Hate speech laws translated from legalese: What you need to know

hate speech

New hate speech law proposals from the government are a bit confusing, and some of the debate so far seems to have muddied the waters, reducing something that began as an effort to combat racism, terrorism and hatred to name calling and taunts by politicians.

Prime Minister Jacinda Ardern and Justice Minister Kris Faafoi contradicted each other about what the proposals said, and Ardern has admitted the government could have been clearer in its communications.

Some worthy efforts have been made to tackle the substance of the proposals, but RNZ’s Mediawatch noted much of the initial coverage focused on this political argie-bargie.

Instead, we’ll look at exactly what the six proposals say – one proposal at a time, with a focus specifically on what new laws would look like – then explore why it’s so confusing and what happens next.

Some provisos

Before we get started, bear in mind there are already some other laws that apply to harmful speech including the Summary Offences Act 1981, the Broadcasting Act 1989, the Harmful Digital Communications Act 2015, the Harassment Act 1997 and the Films, Videos, and Publications Classifications Act 1993.

Keep in mind also that none of what has been proposed is final – the ministry is seeking feedback and there’s no guarantee the law, if it is enacted, will look like this. At this point it’s not a law, it’s not an Act, it’s not even a Bill.

Instead, it’s a discussion document aimed at seeking opinions before the ministry comes up with a law change, after that was recommended by the Royal Commission of Inquiry into the Christchurch Mosque attacks.

Less than three weeks remain on this round of consultation, with submissions closing on 6 August.

The commission identified some gaps in the current laws that leave some people facing regular abuse with no way to have the courts do anything about it.

It also suggested increasing penalties imposed for hate-motivated crimes, but that is not dealt with by the proposals below.

The Justice Ministry’s discussion document largely focuses on the problems of the current laws and what the new laws aim to do, but – and this is perhaps one reason for the confusion – most of it largely does not give the specific wording of what is being proposed. This makes reading the document somewhat like having a set of directions without knowing where you’re going to end up.

However, in the second appendix is a chart that includes the six proposed changes to be made, what the current laws are like, and a section of notes on each proposal (but not in that order).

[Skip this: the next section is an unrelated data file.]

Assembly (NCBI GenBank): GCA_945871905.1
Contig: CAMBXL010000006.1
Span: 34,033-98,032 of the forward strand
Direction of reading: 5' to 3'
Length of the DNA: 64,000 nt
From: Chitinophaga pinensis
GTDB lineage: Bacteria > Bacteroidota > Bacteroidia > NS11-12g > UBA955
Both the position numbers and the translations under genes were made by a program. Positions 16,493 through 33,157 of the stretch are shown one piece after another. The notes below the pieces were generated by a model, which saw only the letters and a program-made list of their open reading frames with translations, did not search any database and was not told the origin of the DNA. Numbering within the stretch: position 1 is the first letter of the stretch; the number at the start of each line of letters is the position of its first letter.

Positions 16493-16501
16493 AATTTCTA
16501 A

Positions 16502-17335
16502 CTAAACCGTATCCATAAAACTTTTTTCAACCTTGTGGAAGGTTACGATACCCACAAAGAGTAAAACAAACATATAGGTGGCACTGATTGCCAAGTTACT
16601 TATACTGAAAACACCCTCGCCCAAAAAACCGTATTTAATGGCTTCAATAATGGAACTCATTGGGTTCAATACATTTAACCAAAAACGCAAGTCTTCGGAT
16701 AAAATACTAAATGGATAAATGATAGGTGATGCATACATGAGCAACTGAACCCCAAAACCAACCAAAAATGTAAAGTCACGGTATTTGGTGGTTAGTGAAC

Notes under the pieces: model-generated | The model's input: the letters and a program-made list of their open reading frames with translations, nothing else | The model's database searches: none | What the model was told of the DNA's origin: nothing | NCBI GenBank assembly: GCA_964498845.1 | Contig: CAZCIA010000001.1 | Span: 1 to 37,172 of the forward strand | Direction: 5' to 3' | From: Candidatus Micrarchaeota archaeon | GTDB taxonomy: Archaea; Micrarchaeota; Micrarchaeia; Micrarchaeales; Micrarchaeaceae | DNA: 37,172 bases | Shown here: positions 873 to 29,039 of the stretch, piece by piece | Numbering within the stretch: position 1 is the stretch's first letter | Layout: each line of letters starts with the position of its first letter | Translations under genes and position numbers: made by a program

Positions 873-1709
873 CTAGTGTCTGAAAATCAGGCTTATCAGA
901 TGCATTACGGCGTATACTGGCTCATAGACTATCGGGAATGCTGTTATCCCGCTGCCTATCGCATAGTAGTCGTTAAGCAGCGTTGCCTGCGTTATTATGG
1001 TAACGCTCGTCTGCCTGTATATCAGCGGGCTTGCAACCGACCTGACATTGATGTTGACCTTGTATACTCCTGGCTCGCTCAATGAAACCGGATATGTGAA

To keep it simple we’ll largely focus on the result.

Proposal 1: Who it applies to

The wording of both section 61 and the proposed new section 131 (see Proposal 2 below) would be changed so that they apply to communications aimed at certain groups of persons in or coming to Aotearoa New Zealand who are protected from discrimination by section 21 of the Human Rights Act.

Instead of outlawing certain communications about people based on colour, race, ethnicity or nationality alone, the law would protect the groups protected from discrimination under section 21 of the Human Rights Act.

That could include discrimination on the basis of:

  • Sex or sexual orientation *
  • Marital status or family status
  • Religious belief or ethical belief
  • Colour, race, ethnicity, nationality or citizenship
  • Disability
  • Age
  • Political opinion
  • Employment status (including receiving a government benefit)
    * See also, Proposal 6 for trans inclusion

Despite the concrete way the proposal is worded in this section of the document, the government is seeking feedback on which groups from the above should be included under hate speech laws, noting on page four it “may include some or all of the other grounds in the Human Rights Act”.

While Ardern initially told Newshub that political opinion would not be covered by hate speech and later in Parliament said Cabinet had decided to exclude political opinion from the proposals, the discussion document does not safeguard political opinion specifically.

When questioned in Parliament, Ardern would not rule out political opinion falling under these laws, saying it would depend on consultation with the public.

Safe to say it’s an ongoing discussion. Continue reading

  • Russell Palmer is a Digital Political Journalist with RNZ
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